How Taxation Works for Locum Tenens

When you start working as a locum tenens provider, you will be considered an independent contractor. Working in different states throughout the year may add complexity during your taxation time. You will have to file taxes in all the states you’ve worked which would certainly increase the expenses.

Although you experience these issues, locum-related benefits will outweigh them. You will even end up making more money while taking control of your working schedule. As you will be your own employer, you could enjoy multiple write-offs to mitigate your taxation costs.

Once you get to know the potential benefits of being a locum physician, you will certainly make arrangements according to your schedule.

Here is the list of taxation-related factors every locum tenens physician should be aware of.

Responsibilities of Your Employer

As mentioned already, keep in mind that you are the employer of yourself. Although your contract is out to care facilities including clinics, private practices, and hospitals, you will be responsible for your taxation. So what does it signify?

The care facilities you contract with are called clients and not employers. Hence, they will not pay tax on your behalf.

Usually, employers withhold state and federal income tax, social security, and other related fees. When you are a locum tenens physician, you are responsible to pay those expenses from your annual income while filing an income tax return every year.

Unlike full-time employees, you will have to give up 401K and health insurance. Hence, independent contractors like you can demand higher pay since you take away the burden of these additional costs.


As locum tenens jobs involves more out-of-pocket expenses, you can claim varied deductions to mitigate the tax burden. Here is the list that you can make use of:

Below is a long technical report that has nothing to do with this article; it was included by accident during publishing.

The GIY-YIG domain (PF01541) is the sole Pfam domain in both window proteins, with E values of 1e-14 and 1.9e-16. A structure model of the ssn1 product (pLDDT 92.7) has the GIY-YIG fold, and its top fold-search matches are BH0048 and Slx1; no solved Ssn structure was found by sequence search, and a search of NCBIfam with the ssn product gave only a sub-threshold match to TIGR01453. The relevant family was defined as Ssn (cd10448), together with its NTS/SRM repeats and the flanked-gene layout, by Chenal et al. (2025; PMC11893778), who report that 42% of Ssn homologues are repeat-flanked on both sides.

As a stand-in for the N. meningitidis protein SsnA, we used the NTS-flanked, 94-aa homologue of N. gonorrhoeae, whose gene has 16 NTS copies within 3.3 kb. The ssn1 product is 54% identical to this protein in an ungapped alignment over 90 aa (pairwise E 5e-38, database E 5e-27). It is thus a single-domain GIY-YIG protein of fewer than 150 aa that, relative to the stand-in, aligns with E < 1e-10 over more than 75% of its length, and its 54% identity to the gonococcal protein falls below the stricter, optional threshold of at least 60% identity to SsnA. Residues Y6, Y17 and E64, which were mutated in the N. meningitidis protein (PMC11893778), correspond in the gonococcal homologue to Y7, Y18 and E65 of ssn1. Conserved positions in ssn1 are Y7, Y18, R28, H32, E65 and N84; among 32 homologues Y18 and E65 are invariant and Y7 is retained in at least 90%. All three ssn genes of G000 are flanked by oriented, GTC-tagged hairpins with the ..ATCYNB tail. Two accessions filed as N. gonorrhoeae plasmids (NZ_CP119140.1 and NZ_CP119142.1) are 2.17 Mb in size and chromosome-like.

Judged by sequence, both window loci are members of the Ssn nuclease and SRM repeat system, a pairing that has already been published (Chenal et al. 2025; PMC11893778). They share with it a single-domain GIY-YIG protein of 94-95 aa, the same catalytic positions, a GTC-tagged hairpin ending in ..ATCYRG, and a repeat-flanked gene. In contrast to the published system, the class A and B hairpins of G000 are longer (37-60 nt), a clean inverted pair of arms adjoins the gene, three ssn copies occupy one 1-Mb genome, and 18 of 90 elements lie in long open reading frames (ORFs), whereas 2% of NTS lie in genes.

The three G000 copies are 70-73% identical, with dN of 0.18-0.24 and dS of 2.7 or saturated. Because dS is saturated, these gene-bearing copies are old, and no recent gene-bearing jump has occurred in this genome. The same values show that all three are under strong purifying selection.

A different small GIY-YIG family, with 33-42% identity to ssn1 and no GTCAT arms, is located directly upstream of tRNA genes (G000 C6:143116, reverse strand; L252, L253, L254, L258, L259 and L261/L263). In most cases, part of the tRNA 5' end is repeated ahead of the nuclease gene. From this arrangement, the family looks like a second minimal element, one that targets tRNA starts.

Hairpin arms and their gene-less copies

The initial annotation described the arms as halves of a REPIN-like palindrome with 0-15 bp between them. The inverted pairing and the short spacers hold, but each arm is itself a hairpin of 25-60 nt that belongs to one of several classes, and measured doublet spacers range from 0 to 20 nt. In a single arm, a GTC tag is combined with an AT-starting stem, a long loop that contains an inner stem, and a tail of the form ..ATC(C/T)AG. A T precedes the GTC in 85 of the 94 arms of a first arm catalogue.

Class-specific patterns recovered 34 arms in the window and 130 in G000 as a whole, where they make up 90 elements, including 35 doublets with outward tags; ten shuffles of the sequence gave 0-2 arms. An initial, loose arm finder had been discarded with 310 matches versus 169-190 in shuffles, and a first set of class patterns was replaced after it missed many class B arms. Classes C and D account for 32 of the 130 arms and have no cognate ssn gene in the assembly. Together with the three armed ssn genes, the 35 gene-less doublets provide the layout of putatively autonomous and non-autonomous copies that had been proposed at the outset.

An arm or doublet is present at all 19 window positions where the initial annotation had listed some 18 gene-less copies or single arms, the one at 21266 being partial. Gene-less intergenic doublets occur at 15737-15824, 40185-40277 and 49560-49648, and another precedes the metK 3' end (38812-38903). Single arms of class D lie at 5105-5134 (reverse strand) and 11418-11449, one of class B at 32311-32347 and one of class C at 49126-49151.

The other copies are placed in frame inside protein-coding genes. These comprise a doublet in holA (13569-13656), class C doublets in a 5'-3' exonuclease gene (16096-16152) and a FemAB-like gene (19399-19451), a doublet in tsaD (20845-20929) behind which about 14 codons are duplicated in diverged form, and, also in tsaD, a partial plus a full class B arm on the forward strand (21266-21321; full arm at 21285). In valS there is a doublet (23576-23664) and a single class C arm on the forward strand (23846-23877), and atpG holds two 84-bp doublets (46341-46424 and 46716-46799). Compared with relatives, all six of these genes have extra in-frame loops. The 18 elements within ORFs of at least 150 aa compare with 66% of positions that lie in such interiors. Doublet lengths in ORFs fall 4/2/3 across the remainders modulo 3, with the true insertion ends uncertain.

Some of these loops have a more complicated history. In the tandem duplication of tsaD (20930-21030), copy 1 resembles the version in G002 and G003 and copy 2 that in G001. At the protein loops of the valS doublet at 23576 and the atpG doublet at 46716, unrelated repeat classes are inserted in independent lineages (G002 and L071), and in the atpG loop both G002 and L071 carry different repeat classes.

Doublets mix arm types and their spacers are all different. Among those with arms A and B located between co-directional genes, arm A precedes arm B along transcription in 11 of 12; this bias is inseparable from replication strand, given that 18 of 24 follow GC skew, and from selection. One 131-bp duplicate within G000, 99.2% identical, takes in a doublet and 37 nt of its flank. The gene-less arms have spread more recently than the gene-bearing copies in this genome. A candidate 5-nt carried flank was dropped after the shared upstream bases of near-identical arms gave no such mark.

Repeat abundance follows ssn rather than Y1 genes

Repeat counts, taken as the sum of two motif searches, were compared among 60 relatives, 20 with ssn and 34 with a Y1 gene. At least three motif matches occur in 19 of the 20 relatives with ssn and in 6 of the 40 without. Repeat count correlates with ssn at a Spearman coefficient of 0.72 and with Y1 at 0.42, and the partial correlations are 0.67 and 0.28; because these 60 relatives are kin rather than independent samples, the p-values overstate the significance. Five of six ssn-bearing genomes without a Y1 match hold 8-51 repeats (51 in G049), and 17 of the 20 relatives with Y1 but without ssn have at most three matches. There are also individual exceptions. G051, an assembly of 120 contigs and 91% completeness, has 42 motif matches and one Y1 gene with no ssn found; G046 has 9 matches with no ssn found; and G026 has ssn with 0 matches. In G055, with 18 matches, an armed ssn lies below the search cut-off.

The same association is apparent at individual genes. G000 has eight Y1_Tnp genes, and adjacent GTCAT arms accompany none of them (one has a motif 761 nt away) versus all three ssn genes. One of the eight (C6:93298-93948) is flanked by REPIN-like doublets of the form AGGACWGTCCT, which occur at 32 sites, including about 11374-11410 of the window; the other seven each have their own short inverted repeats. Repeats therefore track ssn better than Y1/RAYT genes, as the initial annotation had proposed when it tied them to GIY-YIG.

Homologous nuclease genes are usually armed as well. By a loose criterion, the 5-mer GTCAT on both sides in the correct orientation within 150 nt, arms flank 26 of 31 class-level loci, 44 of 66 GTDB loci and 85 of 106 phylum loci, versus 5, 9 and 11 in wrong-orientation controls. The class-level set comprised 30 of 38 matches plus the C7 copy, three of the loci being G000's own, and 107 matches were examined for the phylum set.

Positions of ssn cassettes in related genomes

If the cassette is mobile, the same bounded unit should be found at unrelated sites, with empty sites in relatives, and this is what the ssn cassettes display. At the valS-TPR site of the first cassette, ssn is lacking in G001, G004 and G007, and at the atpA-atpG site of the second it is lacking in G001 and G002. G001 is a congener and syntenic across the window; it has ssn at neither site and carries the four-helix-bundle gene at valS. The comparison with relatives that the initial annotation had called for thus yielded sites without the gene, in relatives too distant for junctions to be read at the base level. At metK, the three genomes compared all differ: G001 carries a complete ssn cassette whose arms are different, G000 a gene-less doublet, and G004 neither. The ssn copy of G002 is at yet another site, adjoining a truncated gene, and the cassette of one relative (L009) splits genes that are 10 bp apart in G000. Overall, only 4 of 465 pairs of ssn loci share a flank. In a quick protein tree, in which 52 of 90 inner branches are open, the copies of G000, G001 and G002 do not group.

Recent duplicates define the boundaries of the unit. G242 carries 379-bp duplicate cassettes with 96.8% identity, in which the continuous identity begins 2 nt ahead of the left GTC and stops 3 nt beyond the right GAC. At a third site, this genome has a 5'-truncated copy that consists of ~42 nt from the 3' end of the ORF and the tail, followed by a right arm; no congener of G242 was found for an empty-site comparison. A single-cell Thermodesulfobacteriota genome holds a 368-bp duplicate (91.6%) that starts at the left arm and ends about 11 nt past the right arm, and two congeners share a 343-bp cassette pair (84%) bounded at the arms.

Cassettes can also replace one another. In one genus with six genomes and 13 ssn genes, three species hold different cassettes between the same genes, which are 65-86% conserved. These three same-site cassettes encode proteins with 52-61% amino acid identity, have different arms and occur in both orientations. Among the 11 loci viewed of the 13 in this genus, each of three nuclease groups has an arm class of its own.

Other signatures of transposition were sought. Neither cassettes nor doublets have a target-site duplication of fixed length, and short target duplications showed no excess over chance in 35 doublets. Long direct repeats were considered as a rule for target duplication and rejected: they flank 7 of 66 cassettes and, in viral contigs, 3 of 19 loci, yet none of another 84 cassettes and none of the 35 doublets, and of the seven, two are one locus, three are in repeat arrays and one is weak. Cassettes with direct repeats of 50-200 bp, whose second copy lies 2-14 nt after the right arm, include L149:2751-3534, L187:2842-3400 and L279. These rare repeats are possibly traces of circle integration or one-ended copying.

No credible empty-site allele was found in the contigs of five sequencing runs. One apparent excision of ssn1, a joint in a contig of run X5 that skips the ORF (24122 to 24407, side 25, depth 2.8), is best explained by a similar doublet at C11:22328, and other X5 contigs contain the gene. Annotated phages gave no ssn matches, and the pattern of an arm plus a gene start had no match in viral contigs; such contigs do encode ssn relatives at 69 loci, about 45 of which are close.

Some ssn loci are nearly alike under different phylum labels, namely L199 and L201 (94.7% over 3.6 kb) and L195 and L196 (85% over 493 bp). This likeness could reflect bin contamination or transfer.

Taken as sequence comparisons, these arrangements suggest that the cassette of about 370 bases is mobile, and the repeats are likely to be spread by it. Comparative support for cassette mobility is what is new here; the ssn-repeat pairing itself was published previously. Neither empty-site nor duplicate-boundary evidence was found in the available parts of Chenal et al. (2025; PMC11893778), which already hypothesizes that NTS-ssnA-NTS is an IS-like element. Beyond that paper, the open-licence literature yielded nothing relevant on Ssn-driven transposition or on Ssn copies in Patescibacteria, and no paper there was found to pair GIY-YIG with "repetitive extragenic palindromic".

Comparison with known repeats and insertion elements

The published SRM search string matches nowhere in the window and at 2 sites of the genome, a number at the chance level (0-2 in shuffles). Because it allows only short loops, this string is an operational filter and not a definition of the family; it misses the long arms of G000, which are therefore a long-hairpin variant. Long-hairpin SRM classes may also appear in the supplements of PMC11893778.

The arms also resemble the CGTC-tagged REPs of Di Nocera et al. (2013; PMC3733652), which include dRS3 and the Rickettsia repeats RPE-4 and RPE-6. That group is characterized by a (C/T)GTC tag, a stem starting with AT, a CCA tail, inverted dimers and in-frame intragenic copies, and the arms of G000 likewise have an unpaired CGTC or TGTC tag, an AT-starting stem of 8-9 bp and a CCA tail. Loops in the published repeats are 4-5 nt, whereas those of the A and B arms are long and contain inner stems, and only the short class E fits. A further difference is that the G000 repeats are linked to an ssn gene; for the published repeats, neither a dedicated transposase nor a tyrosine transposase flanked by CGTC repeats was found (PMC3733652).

1.      Health Insurance

Being your own employer, you should buy a health insurance policy either via a state exchange or private insurance provider. Pay the health insurance premium bill so that you can easily write off the amount you spent on the premium. By doing so, you can significantly reduce the tax amount by the end of the year.

2.      Retirement Savings Plan

Choose the right saving plan so that you can save more for your retirement. Some are tax-deferred while others are tax deductible. Pay attention to understanding the difference so that you can save more while filing the income tax return.

3.      Travel Costs

There are two possibilities:

The care facility you contract with will take charge of your travel costs, stay, and other expenses. In that case, they are not tax deductible since someone else is managing your costs.

On the other hand, if you have to pay these costs, you can pay and easily deduct them during the taxation period. You can deduct 100 percent of lodging and travel costs. Similarly, you can deduct 50 percent of meals, provided the contract duration remains only for less than a year.

Similarly, you can deduct automotive costs as well. It’s possible through the actual expenses or the mileage method. However, make sure to keep all the receipts for your expenses in place if there comes any audit.

4.      Education Expenses

As a locum tenens care provider, you should continue your education and stay updated with credentials and licenses. As they are considered business expenses, you can deduct them while filing the income tax return.

Final Thoughts

The taxation period is not at all a doom and gloom for locum tenens. Still, there are many potential deductions available for extensive contracts. However, you should be careful about the limit that you write off every year in case you want to stay away from red flags with the IRS. Make sure to talk to a qualified and experienced tax specialist so that they can help you with more possibilities of legalized tax deductions.

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